Notwithstanding this general rule, courts sometimes permit both statutory penalties and punitive damages in the same case, either because (a) the particular statutory language in question shows that the Legislature intended to authorize duplicative penalties, or (2) the case involves separate acts of misconduct that merit separate punishment.

In this case, the plaintiff alleged that the defendant hotel discriminated against her because she is Jewish.  She recovered compensatory damages and statutory penalties under California's Unruh Civil Rights Act, and she also recovered $405,000 in punitive damages.

The Court of Appeal (Second Appellate District, Division Three) vacated the punitive damages, finding that this case did not fit within either of the exceptions to the general rule against duplicative punishment.  The court first concluded that the provision of the Unruh Act that authorizes treble damages is punitive in nature, and that nothing in the statute indicates that the Legislature intended to permit duplicative damages.  The court also went on to say that the statutory penalty and the punitive damages were awarded for the same misconduct, and therefore the defendant could be subjected only to one punishment.  The plaintiff gets to keep the statutory penalties, but not the punitive damages.

December 17, 2014

Second Circuit uses supervisory authority to hold $5 million punitive damages award excessive (Turley v. ISG Lackawanna)

The Second Circuit issued an interesting opinion today that illustrates how a federal appellate court can apply two independent standards when reviewing a punitive damages award for excessiveness.

In this employment discrimination case, a federal jury in New York awarded a total of $1.32 million in compensatory damages and $24 million in punitive damages, broken down between individual and corporate defendants.  The district court concluded that the punitive damages were excessive, and granted a new trial conditioned on the plaintiff's acceptance of a reduction of the punitive damages award to a total of $5 million.  The plaintiff accepted the reduction and the defendant appealed.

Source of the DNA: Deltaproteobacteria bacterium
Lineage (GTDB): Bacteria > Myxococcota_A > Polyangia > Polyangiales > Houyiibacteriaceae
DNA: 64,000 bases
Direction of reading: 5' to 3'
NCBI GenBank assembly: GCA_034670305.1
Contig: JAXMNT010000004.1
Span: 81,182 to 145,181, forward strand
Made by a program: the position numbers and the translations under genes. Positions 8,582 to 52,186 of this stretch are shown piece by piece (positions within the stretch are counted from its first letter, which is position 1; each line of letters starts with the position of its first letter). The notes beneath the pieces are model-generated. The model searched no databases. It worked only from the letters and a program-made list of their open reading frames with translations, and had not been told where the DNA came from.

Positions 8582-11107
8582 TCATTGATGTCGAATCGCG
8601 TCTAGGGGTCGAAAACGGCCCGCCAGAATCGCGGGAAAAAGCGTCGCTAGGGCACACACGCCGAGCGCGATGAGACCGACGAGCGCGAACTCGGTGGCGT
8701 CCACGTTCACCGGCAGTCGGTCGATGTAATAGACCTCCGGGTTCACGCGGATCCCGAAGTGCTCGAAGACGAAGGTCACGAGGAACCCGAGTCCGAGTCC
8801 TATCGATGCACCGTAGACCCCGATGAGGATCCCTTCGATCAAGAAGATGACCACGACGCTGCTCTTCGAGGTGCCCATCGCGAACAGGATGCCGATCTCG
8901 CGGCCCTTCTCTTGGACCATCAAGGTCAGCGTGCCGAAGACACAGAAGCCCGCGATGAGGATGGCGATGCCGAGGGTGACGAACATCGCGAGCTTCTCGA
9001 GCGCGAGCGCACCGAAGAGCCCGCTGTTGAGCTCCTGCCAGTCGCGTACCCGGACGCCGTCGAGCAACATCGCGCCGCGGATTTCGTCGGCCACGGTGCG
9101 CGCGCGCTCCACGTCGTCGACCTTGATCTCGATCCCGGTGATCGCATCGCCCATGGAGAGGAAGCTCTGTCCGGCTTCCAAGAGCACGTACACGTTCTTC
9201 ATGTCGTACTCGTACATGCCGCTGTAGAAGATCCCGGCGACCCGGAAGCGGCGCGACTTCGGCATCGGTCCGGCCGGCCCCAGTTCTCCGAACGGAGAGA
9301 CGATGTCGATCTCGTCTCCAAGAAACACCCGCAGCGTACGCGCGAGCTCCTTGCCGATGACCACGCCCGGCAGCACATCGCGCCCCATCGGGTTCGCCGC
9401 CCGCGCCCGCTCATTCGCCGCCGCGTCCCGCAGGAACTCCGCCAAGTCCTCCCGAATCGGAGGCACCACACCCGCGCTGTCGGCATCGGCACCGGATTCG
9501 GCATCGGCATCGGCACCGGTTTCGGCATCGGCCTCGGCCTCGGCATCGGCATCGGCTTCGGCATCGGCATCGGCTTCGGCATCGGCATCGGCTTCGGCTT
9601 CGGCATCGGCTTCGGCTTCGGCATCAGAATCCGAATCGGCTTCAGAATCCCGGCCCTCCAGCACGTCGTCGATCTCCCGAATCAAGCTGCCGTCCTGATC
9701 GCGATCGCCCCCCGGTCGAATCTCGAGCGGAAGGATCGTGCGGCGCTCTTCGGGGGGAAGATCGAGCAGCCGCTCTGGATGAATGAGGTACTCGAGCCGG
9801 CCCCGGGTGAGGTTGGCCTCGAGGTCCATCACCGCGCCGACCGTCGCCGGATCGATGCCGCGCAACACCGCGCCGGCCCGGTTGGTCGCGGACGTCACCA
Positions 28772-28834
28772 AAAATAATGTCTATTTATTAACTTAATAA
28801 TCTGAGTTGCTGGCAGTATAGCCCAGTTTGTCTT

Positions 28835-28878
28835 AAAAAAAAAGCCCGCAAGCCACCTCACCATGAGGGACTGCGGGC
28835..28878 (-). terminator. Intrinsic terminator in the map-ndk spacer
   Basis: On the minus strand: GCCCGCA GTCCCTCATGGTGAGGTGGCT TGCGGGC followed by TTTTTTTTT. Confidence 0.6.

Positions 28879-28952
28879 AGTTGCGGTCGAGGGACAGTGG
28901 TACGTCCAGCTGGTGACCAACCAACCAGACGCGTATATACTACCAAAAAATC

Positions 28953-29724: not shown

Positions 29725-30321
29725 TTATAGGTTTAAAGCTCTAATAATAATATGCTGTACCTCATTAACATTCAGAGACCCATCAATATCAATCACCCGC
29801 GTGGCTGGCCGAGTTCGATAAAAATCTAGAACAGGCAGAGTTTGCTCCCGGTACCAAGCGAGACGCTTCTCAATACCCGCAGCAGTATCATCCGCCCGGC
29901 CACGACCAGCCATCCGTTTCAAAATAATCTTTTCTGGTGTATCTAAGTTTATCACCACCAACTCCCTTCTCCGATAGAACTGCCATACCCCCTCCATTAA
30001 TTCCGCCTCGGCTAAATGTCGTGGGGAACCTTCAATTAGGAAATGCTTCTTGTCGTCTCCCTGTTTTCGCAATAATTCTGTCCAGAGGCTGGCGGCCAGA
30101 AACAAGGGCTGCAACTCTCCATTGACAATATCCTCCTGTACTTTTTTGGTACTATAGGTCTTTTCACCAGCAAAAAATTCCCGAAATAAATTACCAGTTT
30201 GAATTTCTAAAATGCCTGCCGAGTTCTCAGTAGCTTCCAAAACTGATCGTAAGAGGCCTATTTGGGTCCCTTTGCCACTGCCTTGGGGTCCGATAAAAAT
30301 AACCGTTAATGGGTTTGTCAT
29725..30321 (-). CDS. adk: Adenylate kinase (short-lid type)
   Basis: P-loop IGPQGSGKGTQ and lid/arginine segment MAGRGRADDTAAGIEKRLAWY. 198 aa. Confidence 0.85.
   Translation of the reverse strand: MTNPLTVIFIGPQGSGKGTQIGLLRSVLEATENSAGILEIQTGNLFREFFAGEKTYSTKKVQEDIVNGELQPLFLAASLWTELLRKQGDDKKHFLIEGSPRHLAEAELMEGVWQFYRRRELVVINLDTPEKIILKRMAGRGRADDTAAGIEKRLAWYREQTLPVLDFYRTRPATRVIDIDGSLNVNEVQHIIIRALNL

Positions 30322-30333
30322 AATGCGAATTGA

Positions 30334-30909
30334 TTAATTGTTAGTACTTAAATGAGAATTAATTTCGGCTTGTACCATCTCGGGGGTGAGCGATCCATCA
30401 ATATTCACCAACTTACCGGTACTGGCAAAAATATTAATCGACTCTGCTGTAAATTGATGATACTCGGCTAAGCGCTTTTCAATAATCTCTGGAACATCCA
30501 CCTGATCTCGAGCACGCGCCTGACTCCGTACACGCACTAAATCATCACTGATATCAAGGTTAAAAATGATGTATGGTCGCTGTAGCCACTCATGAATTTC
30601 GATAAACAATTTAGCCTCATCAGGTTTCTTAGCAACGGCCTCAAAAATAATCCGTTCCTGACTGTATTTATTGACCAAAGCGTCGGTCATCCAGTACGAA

On appeal, the Second Circuit affirmed the judgment in all respects except for the amount of punitive damages.  The court began its discussion of that issue by noting that it was required to review the excessiveness of punitive damages pursuant to the federal appellate courts' supervisory authority over the trial courts.  Such authority requires that reviewing courts "exercise relatively stringent control over the size of punitive damages," separate and apart from any obligation to review the award under constitutional due process standards.

The court then went on to explain that federal courts should exercise their common law supervisory authority first, before considering constitutional standards.  Following that approach, the court concluded that the $5 million punitive damages award in this case was still excessive.  The court explained that the award is disproportionate both to the $1.32 million compensatory damages award and to the amount of punitive damages awarded in other comparable cases.  Ultimately, the court determined that any amount in excess of a 2:1 ratio would be excessive.